Julia Roberts reemerges -- The actress has four new films including ''Something to Talk About'' and ''Mary Reilly''
As you walk in the door, Julia Roberts tells you she’s in her panic state.
If you’re a wee bit skeptical, that’s just because it’s hard to panic in Dublin, what with that cool Irish breeze fluttering into the suite and that bright Celtic sun casting patches of gold all over the room. Roberts patters over to the window in her J. Crew sneakers, slides it open a notch, leans toward the traffic, and murmurs to an avenue once strolled by the likes of Oscar Wilde and George Bernard Shaw.
”Have you checked out St. Stephen’s Green?” she says.
Wistful, maybe. Panicked, no.
She can see the park across the road — a delicate, 22-acre refuge from Dublin’s bustle. A place full of pink geraniums, and geese skittering on a pond, and leaf-canopied memorials to dead Irish patriots and writers. After only two days in town, she has a routine. ”Every morning I walk by the bust of James Joyce and say, ‘Good morning, Mr. Joyce.’ Take a little run, take a little walk. I call it an airing. You know when you need a little bit of an airing?”
Sure. Especially when things are in such a panic state.
And they are. Really. ”I’m anxious,” Roberts says. ”Very anxious.” Tomorrow marks her first day of filming on Michael Collins, Neil Jordan’s epic about the early-20th-century Irish freedom fighter. Liam Neeson plays Collins. Roberts, who lived with Neeson for a spell in the late 1980s, plays his strident lover, Kitty Kiernan. She’s tweaking the brogue; her script lies on the coffee table. Tomorrow, she explains wryly, ”was actually going to be a perfect first day for me. A really big scene, and I have one line. And now there’s supposedly a storm coming, so I have the potential for a trial-by-fire first day.”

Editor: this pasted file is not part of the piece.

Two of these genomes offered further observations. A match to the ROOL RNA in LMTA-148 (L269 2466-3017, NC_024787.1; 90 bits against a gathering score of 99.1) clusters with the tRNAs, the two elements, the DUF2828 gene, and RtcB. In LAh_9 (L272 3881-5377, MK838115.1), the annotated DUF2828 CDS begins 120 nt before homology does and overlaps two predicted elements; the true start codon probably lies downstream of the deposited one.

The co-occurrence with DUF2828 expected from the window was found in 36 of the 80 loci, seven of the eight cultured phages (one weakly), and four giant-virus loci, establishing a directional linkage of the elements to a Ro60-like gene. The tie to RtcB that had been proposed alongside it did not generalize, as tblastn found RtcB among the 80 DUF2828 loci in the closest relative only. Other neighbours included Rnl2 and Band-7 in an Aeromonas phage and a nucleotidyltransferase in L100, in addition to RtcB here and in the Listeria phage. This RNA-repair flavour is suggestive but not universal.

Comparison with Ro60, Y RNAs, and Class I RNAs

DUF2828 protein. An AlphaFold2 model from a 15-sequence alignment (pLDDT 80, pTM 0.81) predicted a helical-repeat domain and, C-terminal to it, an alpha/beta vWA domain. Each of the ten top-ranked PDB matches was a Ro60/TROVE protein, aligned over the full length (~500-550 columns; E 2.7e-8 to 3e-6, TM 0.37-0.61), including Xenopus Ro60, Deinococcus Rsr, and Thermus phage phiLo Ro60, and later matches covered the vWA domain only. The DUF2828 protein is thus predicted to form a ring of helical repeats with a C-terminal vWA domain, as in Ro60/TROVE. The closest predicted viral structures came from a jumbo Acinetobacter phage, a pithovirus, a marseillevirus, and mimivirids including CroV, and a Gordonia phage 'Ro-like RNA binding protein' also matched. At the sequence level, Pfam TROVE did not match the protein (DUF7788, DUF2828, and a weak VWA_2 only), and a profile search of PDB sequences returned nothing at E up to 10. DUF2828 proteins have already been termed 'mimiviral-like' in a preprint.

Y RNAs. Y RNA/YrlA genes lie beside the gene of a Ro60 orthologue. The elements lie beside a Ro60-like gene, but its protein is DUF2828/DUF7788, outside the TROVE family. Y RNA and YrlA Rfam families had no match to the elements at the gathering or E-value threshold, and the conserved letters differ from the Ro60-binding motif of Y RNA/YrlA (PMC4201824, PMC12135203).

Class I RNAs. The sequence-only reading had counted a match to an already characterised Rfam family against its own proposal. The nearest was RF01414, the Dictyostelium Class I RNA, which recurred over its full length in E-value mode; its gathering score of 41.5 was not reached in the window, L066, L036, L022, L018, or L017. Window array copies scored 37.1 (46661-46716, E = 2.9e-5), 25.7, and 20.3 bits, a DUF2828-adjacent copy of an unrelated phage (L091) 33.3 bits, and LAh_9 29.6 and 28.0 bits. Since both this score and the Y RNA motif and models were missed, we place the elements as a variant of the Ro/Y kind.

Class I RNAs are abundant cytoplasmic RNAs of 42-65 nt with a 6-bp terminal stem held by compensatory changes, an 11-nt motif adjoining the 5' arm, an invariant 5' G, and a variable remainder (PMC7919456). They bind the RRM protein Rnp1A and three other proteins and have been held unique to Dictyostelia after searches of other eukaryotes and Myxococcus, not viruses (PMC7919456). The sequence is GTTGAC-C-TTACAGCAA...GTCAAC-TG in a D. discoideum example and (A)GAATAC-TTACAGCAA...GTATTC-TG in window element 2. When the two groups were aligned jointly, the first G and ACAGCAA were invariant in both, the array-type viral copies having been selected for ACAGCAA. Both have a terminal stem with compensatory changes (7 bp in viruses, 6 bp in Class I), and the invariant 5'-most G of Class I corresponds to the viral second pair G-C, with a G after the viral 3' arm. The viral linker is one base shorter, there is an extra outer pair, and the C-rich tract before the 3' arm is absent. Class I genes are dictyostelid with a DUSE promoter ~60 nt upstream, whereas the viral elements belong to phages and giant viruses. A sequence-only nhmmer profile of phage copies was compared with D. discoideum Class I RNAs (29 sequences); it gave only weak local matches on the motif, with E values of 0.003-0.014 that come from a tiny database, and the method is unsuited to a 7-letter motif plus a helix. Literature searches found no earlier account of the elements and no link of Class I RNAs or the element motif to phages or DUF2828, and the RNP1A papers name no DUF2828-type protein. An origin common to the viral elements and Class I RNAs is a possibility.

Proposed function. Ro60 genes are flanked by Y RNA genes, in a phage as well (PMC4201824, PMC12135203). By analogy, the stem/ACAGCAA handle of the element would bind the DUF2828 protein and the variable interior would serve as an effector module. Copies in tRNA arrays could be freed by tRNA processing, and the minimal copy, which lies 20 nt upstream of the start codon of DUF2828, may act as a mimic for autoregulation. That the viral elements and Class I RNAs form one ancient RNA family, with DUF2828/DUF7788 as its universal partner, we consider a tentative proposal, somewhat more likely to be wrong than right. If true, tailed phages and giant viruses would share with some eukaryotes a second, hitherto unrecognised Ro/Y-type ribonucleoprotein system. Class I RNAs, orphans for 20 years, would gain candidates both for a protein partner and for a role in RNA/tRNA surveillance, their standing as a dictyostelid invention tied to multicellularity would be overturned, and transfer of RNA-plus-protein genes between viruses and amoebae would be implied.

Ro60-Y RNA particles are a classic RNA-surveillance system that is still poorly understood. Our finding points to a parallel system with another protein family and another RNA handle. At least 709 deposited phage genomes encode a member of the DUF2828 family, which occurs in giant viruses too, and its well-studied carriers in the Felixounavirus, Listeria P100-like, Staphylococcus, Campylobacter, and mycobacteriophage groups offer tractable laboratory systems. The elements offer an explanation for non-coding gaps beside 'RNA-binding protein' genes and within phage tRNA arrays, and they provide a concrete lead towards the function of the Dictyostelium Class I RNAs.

Another trial looms on the horizon: In 10 days, on Aug. 4, Something to Talk About will open in theaters in the States. Homespun and human in an earthy, Fried Green Tomatoes way, Something — the story of a happily married woman who discovers that her husband is a cheat — represents a chance for Roberts to bounce back from the slump brought on by 1994’s box office snoozer, I Love Trouble. Warner Bros. has rushed the film, originally targeted for fall, into theaters with barely a blink of advance warning, so maybe there should be a trace of panic in the air.
But truth be told, Roberts’ sprawling suite at the Shelbourne feels less like the fear-stricken parlor of a Hollywood powerhouse than a collegiate dorm, circa 1974. She’s got Joni Mitchell’s Court and Spark and Bob Dylan’s Blood on the Tracks sighing and strumming from a boom box in the corner. She’s got a book of J.D. Salinger’s stories and A Literary Guide to Dublin scattered on the coffee table. You half expect to see lacrosse sticks in the corner and a Picasso poster over the mantel. (There is a backpack.) Two days into her trip, she has lectured the Shelbourne’s cream-loving kitchen on her preference for skim milk and converted the suite into a cocoon of calm. Four years ago, she and Jason Patric fled to Dublin when her betrothal to Kiefer Sutherland buckled at the eleventh hour; now that she’s 27, the city again feels like a safe haven.